International Labour Standards on Forced labour

Although forced labour is universally condemned, ILO estimates show that 20.9 million people around the world are still subjected to it. Of the total number of victims of forced labour, 18.7 million (90 per cent) are exploited in the private economy, by individuals or enterprises, and the remaining 2.2 million (10 per cent) are in state-imposed forms of forced labour. Among those exploited by private individuals or enterprises, 4.5 million (22 per cent) are victims of forced sexual exploitation and 14.2 million (68 per cent) of forced labour exploitation. Forced labour in the private economy generates US$ 150 billion in illegal profits per year: two thirds of the estimated total (or US$ 99 billion) comes from commercial sexual exploitation, while another US$ 51 billion results from forced economic exploitation, including domestic work, agriculture and other economic activities (Note 1).

Vestiges of slavery are still found in some parts of Africa, while forced labour in the form of coercive and deceptive recruitment is present in many countries of Latin America, and elsewhere. In numerous countries, domestic workers are trapped in situations of forced labour, and in many cases they are restrained from leaving the employers’ home through threats or violence. Bonded labour persists in South Asia where millions of men, women, and children are tied to their work through a vicious cycle of debt. In Europe and North America, an increasing number of women and children are victims of trafficking for labour and sexual exploitation. Trafficking in persons has been the subject of growing international attention in recent years. Finally, forced labour is still imposed by the State for the purposes of economic development or as a punishment, including for expressing political views.

For many governments around the world, the elimination of forced labour remains an important challenge for the 21st century. Not only is forced labour a serious violation of a fundamental human right, it is a leading cause of poverty and a hindrance to economic development. ILO standards on forced labour and the comments of the supervisory bodies, in combination with experience from technical assistance and cooperation, have provided important guidance to member States to develop a comprehensive response to forced labour.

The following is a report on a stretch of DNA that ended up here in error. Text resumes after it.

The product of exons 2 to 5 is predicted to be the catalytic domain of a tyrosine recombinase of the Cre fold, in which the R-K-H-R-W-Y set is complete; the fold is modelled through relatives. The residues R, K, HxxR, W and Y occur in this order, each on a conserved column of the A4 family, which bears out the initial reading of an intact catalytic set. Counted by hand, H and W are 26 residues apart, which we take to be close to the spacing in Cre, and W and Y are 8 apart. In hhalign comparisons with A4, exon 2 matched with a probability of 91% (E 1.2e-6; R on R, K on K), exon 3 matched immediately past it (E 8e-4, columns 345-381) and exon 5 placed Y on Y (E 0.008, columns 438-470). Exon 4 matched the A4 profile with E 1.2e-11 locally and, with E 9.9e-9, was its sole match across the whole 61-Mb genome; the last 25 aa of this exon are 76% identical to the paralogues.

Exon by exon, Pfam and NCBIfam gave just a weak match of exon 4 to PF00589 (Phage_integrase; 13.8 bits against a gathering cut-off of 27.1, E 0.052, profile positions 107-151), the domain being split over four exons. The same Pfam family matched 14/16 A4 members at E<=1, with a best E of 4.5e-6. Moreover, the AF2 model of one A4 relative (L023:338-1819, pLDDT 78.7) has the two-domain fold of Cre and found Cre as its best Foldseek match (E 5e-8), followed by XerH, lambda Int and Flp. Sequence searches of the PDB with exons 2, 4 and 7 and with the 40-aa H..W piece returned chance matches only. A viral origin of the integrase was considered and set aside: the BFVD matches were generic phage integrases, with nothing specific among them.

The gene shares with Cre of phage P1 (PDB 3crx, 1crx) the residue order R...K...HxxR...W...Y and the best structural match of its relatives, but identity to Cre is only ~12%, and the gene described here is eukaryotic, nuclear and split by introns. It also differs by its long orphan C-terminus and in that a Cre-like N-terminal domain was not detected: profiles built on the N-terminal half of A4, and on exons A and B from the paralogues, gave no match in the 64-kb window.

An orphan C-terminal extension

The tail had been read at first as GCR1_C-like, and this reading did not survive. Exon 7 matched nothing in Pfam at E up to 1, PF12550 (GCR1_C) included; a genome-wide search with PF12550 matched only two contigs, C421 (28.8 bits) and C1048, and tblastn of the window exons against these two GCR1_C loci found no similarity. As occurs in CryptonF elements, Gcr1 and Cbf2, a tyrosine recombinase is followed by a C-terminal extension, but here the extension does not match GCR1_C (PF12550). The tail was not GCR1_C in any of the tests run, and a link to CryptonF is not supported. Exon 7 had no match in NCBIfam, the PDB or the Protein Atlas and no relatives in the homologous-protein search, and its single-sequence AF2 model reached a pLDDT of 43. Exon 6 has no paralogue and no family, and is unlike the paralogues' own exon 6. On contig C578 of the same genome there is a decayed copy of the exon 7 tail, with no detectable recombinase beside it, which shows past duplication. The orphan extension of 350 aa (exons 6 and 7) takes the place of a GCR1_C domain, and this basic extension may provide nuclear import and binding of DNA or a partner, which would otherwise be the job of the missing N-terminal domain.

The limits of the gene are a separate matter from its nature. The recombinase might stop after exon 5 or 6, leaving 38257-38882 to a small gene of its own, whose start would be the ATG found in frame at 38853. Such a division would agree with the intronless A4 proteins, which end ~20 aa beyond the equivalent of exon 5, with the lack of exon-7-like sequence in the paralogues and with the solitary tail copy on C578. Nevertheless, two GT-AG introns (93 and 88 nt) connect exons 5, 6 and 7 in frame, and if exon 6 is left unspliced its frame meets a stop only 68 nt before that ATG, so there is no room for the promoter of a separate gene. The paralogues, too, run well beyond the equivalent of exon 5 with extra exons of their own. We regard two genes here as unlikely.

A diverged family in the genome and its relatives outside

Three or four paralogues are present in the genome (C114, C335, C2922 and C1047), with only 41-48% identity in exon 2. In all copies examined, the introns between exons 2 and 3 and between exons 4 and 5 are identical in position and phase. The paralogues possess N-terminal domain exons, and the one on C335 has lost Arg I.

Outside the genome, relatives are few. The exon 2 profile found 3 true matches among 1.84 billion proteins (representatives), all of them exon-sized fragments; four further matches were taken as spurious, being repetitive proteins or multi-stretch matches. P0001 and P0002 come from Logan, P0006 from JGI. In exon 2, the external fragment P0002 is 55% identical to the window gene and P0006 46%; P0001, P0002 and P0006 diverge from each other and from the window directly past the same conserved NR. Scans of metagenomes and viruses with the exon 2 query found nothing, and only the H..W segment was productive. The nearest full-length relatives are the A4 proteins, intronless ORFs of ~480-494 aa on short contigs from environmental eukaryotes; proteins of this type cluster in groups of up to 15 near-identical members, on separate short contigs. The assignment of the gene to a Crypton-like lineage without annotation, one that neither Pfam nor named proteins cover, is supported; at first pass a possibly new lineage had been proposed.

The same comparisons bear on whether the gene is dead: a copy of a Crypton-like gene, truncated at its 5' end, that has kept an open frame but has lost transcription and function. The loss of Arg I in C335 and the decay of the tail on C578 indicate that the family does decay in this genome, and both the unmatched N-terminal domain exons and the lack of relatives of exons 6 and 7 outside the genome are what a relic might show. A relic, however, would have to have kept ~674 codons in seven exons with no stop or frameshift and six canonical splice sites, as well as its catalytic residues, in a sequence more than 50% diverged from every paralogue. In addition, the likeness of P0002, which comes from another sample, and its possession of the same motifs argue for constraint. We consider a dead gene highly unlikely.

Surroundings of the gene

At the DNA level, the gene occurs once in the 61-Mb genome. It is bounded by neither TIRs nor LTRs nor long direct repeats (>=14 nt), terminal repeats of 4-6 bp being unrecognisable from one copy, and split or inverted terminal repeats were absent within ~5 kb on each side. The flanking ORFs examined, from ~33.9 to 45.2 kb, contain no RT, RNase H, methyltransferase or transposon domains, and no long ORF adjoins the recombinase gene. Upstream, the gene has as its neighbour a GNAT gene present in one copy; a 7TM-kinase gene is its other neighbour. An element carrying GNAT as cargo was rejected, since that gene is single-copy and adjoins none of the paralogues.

Selected relevant ILO instruments

  • Forced Labour Convention, 1930 (No. 29) - [ratifications]
    This fundamental convention prohibits all forms of forced or compulsory labour, which is defined as "all work or service which is exacted from any person under the menace of any penalty and for which the said person has not offered himself voluntarily." Exceptions are provided for work required by compulsory military service, normal civic obligations, as a consequence of a conviction in a court of law (provided that the work or service in question is carried out under the supervision and control of a public authority and that the person carrying it out is not hired to or placed at the disposal of private individuals, companies or associations), in cases of emergency, and for minor communal services performed by the members of a community in the direct interest of the community. The convention also requires that the illegal extraction of forced or compulsory labour be punishable as a penal offence, and that ratifying states ensure that the relevant penalties imposed by law are adequate and strictly enforced.
  • Abolition of Forced Labour Convention, 1957 (No. 105) - [ratifications]
    This fundamental convention prohibits forced or compulsory labour as a means of political coercion or education or as a punishment for holding or expressing political views or views ideologically opposed to the established political, social or economic system; as a method of mobilizing and using labour for purposes of economic development; as a means of labour discipline; as a punishment for having participated in strikes; and as a means of racial, social, national or religious discrimination.
  • Protocol of 2014 to the Forced Labour Convention, 1930 and Forced Labour (Supplementary Measures) Recommendation, 2014 (No. 203)
    A new legally binding Protocol on Forced Labour, supported by a Recommendation (No. 203), aiming to advance prevention, protection and compensation measures, as well as to intensify efforts to eliminate all forms of forced labour, including trafficking in persons.
  • Further relevant instruments

Further information


Note 1 - ILO global estimates of forced labour: results and methodology (Special Action Programme to Combat Forced Labour), Geneva, 2012